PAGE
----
Elucidating the role of the Cpx envelope stress response in the colonization and virulence of Citrobacter rodentium

  • Author / Creator
    Gilliland, Ashley Rebecca
  • The murine attaching and effacing (A/E) pathogen, Citrobacter rodentium, is used as an infection model in vivo for the A/E pathogens enterohemorrhagic and enteropathogenic Escherichia coli (EHEC and EPEC). All three A/E pathogens harbor the Locus of Enterocyte Effacement (LEE) which encodes a Type III Secretion System (T3SS) and other virulence factors that are required for the adherence to intestinal epithelial cells, formation of pedestals and injection of effector proteins. During colonization, these pathogens face a myriad of challenges associated with the gastrointestinal tract including acidic pH, bile, oxygen gradients, mucus, and microbiome-mediated colonization resistance. To ameliorate the environmental stressors encountered, pathogens like C. rodentium, utilize two-component systems (TCS) to sense and appropriately respond to changes in the surrounding environment by moderating gene expression. The Cpx envelope stress response (ESR), consisting of the sensor histidine kinase CpxA and the response regulator CpxR, has previously been shown to be required for C. rodentium colonization and virulence in vivo. The purpose of this thesis was to investigate the observed attenuation by analyzing genes up and downregulated in the presence of the Cpx ESR to determine which, if any, were required for pathogenesis. Using transcriptomic and proteomic datasets from previous research as well as luminescent reporter assays to confirm Cpx-dependent upregulation, the genes yebE, ygiB, bssR, and htpX were chosen for further study. Here we showed that the virulence-inducing condition high-glucose Dulbecco’s modified Eagle medium (HG-DMEM) strongly activated the Cpx ESR and further induced the expression of our four genes of interest. After gene deletion by allelic exchange, it was determined that only the ΔcpxRA mutant had reduced colonization and was attenuated in vivo in C57Bl/6J and C3H/HeJ mice, while the ΔyebE, ΔygiB, ΔbssR, and ΔhtpX mutants remained virulent. To further investigate the colonization defect seen in the ΔcpxRA mutant, we conducted growth experiments in buffered simulated colonic fluid (SCF). Interestingly, we were able to replicate the observed colonization abilities of our mutants seen in vivo as only the ΔcpxRA mutant experienced a growth defect in SCF. In addition, SCF highlighted an extreme sensitivity to sub-inhibitory levels of oxidative stress as well as various growth defects in our mutants. Niche differentiation and pathogen expansion via aerobic respiration is important for C. rodentium infection and our data suggests that the Cpx ESR is necessary in the colonic environment to mediate relevant stressors. Following these findings, we turned focus to investigate genes downregulated by the Cpx ESR. The downregulated genes espV, mpc, kfcC, pspA and pspF, identified from the transcriptomic and proteomic datasets, were confirmed to have reduced expression in the presence of the Cpx ESR in HG-DMEM. espV and mpc encode a non-LEE encoded T3SS and LEE regulator respectively, and the kfc operon encodes a putative fimbria. This data supports the notion that the Cpx ESR downregulates virulence factors and could implicate that controlled virulence gene expression contributes to cell viability in vivo. Finally, after bioinformatic analyses indicated an interaction between yebE and pspACE, all genes which undergo regulation impacted by the Cpx ESR, we generated various mutant strains and luminescent reporters to experimentally determine possible interactions. Here we found the presence of YebE influences the Phage Shock Protein (Psp) response, measured by pspA-lux expression, and the absence of an intact Psp response induces yebE expression. Overall, these data contribute to the overall knowledge surrounding C. rodentium colonization and virulence as well as proposes novel interactions between the inner membrane stress responses, CpxRA and Psp, as well as the inner membrane protein YebE.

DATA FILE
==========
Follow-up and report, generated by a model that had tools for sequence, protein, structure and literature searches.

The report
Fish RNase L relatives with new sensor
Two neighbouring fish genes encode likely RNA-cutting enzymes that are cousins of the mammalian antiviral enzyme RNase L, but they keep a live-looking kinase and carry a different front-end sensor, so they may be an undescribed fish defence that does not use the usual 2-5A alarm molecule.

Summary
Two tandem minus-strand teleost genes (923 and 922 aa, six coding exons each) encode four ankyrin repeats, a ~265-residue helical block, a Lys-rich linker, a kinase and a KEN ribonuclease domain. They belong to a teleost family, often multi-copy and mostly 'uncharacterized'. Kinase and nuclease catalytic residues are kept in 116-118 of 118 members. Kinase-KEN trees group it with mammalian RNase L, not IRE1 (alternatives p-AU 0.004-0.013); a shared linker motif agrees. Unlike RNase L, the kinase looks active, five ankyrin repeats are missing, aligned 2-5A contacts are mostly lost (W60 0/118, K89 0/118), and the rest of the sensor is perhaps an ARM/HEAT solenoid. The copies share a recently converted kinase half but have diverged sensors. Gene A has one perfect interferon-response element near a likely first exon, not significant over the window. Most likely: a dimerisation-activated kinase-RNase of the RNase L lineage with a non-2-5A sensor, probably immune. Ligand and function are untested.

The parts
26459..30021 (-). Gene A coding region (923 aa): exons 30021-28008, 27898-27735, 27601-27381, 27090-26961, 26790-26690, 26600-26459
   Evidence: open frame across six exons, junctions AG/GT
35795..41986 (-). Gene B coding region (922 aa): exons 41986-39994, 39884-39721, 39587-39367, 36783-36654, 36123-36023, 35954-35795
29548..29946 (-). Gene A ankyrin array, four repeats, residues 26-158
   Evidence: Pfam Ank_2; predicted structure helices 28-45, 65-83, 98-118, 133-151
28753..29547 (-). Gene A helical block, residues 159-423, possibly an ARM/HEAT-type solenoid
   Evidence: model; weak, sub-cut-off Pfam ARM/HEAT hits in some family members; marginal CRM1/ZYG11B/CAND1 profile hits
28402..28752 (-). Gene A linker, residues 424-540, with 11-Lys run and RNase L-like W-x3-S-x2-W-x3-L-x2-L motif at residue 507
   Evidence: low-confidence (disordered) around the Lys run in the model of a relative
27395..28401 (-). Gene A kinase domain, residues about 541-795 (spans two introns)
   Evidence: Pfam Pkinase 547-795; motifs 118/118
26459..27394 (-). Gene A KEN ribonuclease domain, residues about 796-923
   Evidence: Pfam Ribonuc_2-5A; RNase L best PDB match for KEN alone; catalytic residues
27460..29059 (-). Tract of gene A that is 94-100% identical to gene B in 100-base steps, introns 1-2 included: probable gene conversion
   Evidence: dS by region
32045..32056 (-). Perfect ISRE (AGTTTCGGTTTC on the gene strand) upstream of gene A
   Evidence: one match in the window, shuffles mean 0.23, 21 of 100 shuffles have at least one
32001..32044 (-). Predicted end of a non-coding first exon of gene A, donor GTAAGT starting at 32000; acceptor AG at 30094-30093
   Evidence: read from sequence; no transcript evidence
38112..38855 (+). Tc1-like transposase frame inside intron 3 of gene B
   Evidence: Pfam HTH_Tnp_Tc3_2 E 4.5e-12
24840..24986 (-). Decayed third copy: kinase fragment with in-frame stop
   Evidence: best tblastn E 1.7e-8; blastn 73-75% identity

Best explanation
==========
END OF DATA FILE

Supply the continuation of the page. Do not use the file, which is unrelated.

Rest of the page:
• Subjects / Keywords
  • Graduation date
    Spring 2022
  • Type of Item
  • Degree
    Master of Science
  • DOI
  • License
    This thesis is made available by the University of Alberta Libraries with permission of the copyright owner solely for non-commercial purposes. This thesis, or any portion thereof, may not otherwise be copied or reproduced without the written consent of the copyright owner, except to the extent permitted by Canadian copyright law.